It was still dark and definitely sub-zero as we strapped on our snowshoes in front of the Tarkeddirt refuge at 2900m. Our objective for the day was Jebel Mgoun, Morocco’s 3rd highest mountain at 4068m. Although overshadowed in height by Jebel Toubkal 4167m and Ouanoukrim 4089m, it involves more effort to climb, and as it is less accessible, it’s unlikely you’ll meet other trekkers on this beautiful peak.
As we crossed the Tarkeddirt plateau the full moon was setting in the west as the dawn light was appearing on the eastern horizon. An awesome sight, which it was hard to capture on our cameras. As there was no track across the Tarkeddirt plateau and the snow is often unconsolidated, snowshoes make progress a lot easier and after 2 hours we had reached 3400m.
The sun had risen now and the views were really opening out. As the angle of the mountain had steepened and the snow had firmed up, we switched to crampons and ice axes for the final 2 hours before reaching the Mgoun summit ridge. On reaching the summit ridge at 3978m, the views became immense. We could see across to the Toubkal massif 150 km away, then to our south were the Jebel Sahro and the Jebel Sirwa mountain ranges, and ahead of us was the final summit ridge to Mgoun summit itself.
We stopped for a well-earned lunch stop, and to take in our amazing surroundings. However, we couldn’t stop for too long, as it was a still a further 2 hours along the summit ridge crossing 2 subsidiary summits before we’d reach our objective.
The walk along the open ridge felt tough, as we were now at 4000m and we all felt the altitude. However, the views were truly spectacular and took everybody’s mind off the fatigue. Eventually 7 ½ hours after leaving the refuge we reached the summit. Here there was no signboard, metal structure, or other people, just a small pile of stones and us. We took the obligatory summit shots, and retraced our route back along the ridge and down the mountain, all of us buzzing and feeling truly privileged to have experienced such a great mountain day.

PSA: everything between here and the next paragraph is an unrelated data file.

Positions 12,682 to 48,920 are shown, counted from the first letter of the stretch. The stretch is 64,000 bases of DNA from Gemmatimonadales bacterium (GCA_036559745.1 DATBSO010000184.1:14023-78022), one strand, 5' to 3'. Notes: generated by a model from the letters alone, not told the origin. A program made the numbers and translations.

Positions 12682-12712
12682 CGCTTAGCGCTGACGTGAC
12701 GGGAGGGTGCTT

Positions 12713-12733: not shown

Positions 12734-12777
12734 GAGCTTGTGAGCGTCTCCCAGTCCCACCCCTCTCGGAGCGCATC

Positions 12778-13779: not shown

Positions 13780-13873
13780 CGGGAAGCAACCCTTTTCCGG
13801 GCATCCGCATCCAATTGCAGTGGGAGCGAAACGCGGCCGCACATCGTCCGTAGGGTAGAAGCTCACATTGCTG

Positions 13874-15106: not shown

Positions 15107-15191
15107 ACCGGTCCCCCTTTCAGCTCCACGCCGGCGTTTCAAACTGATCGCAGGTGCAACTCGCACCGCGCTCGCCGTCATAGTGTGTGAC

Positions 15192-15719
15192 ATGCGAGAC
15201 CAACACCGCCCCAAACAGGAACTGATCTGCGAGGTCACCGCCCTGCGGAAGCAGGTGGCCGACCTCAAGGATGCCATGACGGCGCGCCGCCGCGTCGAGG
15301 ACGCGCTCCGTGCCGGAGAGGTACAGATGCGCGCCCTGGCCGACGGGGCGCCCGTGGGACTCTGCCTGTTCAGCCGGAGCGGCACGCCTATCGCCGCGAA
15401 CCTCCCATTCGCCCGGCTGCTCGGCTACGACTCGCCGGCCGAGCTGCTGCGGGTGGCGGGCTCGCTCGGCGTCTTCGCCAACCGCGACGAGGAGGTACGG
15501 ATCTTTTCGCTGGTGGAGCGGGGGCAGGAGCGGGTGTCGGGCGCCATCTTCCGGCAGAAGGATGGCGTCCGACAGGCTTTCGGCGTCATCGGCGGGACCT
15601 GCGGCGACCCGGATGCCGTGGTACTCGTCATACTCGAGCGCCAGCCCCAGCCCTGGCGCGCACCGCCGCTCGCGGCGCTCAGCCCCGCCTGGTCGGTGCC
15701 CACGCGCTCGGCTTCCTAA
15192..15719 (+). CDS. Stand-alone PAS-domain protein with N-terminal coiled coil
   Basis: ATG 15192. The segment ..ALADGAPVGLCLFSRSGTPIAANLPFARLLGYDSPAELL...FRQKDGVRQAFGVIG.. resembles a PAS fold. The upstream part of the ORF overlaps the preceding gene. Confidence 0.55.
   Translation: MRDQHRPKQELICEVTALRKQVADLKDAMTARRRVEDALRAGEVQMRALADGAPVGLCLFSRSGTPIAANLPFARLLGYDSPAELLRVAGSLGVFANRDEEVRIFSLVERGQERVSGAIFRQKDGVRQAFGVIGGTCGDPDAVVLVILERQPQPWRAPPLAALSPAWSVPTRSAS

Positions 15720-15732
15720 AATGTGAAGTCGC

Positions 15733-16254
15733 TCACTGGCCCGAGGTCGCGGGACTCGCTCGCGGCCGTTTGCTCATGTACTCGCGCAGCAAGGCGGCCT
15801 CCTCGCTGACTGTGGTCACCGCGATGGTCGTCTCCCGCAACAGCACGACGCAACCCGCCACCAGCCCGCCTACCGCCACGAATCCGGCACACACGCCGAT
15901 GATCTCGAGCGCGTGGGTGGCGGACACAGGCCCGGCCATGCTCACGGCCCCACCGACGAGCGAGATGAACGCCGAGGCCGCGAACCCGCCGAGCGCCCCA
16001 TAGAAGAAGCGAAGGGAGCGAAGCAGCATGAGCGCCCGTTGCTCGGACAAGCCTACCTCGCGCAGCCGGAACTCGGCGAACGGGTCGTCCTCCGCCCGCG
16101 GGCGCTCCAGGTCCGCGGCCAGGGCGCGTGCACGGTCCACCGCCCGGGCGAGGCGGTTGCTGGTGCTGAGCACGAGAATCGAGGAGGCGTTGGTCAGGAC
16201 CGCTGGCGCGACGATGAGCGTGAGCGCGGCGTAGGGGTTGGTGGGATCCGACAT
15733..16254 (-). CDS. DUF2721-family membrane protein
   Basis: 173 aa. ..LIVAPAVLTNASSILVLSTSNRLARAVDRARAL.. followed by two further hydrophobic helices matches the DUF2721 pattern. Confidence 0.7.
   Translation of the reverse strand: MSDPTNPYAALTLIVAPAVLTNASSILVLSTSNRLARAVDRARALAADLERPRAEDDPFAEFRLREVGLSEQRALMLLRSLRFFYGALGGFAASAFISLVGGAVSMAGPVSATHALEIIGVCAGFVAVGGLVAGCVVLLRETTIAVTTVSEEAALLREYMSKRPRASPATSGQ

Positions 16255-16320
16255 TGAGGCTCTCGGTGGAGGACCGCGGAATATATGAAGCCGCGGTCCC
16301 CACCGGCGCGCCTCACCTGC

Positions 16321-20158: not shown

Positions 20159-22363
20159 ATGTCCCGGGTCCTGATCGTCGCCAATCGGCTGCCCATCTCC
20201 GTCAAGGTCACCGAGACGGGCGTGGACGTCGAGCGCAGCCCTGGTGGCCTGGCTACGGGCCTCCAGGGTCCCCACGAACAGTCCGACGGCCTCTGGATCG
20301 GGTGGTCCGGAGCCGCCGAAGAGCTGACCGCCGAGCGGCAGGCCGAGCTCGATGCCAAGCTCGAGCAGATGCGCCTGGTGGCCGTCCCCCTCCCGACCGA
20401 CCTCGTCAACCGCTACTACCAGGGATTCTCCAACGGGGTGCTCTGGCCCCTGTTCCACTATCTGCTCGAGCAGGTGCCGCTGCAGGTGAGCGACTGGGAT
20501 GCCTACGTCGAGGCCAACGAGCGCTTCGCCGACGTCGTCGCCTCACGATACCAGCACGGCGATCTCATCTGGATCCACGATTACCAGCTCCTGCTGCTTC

We crossed the Tarkeddirt plateau back to the refuge as the sun was setting, once again giving us some fantastic colours on the surrounding mountains. The guardian of the refuge was outside to welcome us back and had baked a fantastic cake for us, washed down with the obligatory mint tea.
It then dawned on us that the guardian was the first person we’d seen since leaving the refuge that morning. We hadn’t seen another soul all day. Over dinner that evening we chatted about the day, and most of us agreed that days in the mountains don’t get much better. By nature of its height, Mgoun is overlooked by many trekkers who focus on the highest peak in Morocco, Jebel Toubkal, but that to me makes it all the more rewarding to those who make the effort to visit this special mountain.